Panetta, Mullen continue press to head off excessive budget cuts
WASHINGTON — The United States military can handle targeted defense cuts, but if a “doomsday mechanism” of automatic cuts kicks in, national security will falter and downrange troops will suffer, Defense Secretary Leon Panetta said Thursday.
Panetta, in his first Pentagon press conference, along with Joint Chiefs Chairman Adm. Mike Mullen, continued the Defense Department’s full-court press to head off drastic defense cuts that could slash nearly $1 trillion over the next 10 years.
President Barack Obama said in April the Pentagon should prepare to cut $400 billion over 12 years, an amount similar to the $350 billion in 10 years that came out of the debt ceiling deal announced Monday.
Such cuts, wisely implemented, can be managed, Panetta said.
“We have the opportunity to make those decisions based on sound and balanced strategy and policy, and with the best advice that we can get from our service chiefs and from the service secretaries,” he said.
But if a soon-to-be appointed congressional panel fails to find a way to trim $1.2 trillion from government expenditures over the next 10 years, as required by the debt ceiling legislation, about half of that amount would automatically be carved out of the DOD’s budget.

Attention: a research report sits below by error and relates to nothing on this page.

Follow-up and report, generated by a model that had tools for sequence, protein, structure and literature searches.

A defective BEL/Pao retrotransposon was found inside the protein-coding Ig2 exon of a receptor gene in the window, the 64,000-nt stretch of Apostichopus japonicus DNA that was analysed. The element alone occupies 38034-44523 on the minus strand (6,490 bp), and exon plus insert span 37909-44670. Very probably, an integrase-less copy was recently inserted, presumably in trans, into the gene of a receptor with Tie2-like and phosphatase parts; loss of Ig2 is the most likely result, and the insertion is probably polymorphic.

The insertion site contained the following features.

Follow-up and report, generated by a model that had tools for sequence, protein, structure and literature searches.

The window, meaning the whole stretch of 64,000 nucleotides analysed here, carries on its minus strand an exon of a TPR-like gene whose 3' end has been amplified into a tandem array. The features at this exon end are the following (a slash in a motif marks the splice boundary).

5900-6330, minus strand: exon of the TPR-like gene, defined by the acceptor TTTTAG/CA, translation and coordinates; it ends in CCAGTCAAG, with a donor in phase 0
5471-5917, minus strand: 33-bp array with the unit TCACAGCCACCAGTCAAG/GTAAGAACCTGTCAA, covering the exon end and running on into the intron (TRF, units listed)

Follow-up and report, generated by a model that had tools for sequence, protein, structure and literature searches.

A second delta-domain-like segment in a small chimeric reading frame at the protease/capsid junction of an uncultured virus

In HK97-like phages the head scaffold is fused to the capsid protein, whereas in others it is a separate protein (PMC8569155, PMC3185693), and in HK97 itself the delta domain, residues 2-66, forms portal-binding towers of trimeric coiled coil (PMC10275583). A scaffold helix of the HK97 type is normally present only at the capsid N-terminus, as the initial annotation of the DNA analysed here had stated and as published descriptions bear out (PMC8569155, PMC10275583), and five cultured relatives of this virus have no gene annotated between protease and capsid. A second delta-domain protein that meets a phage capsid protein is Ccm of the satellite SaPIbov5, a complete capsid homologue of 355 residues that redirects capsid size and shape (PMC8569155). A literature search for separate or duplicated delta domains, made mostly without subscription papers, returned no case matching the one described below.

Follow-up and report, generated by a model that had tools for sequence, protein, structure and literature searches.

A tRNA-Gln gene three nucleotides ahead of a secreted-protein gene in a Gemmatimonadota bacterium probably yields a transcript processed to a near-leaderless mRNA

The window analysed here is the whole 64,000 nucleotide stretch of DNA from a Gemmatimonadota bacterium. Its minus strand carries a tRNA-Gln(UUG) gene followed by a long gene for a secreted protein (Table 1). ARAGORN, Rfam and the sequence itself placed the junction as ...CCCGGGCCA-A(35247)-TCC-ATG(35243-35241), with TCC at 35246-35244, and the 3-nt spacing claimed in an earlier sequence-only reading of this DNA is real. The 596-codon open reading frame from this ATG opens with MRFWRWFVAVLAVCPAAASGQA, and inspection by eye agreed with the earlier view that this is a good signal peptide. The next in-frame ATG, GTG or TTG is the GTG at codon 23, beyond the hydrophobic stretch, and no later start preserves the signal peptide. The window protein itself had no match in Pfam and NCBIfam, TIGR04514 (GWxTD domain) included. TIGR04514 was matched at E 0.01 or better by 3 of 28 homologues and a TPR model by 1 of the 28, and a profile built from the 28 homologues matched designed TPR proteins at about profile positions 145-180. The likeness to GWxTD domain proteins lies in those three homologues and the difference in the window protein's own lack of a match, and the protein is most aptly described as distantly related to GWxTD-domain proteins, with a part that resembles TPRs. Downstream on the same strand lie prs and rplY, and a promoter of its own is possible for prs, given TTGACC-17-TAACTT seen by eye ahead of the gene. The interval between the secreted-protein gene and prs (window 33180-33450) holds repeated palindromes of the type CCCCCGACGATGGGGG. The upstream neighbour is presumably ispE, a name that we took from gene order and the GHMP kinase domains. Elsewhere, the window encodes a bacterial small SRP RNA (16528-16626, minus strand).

Panetta called the prospect of automatic cuts a “doomsday mechanism” to force Congress to work together to reduce the deficit.
“If it did happen, it would result in a further round of very dangerous cuts across the board — defense cuts that would do further damage to our security, our troops and their families, and our military’s ability to protect the nation,” he said. “It is an outcome that would be completely unacceptable to me as secretary of defense. ... Most importantly it would be unacceptable to the American people.”
While the DOD should bear part of the deficit-reduction burden, tax increases and entitlement cuts must be part of the equation too, Panetta said.
Mullen said his recent trip to Afghanistan and Iraq revealed that downrange troops are worried by the budget fights.
“Our men and women downrange have enough to worry about just getting the job done,” he said. “They shouldn’t also be concerned about whether or not they will be paid to do that job, or whether or not their families will continue to get the support they need during long absences.”
Panetta said he considers the welfare of the troops his No. 1 responsibility.
“Every decision I make will be made with them in mind,” he said. “They put their lives on the line. Too many have made the ultimate sacrifice on behalf of this country. We owe it to them to do this right and to do this responsibly.”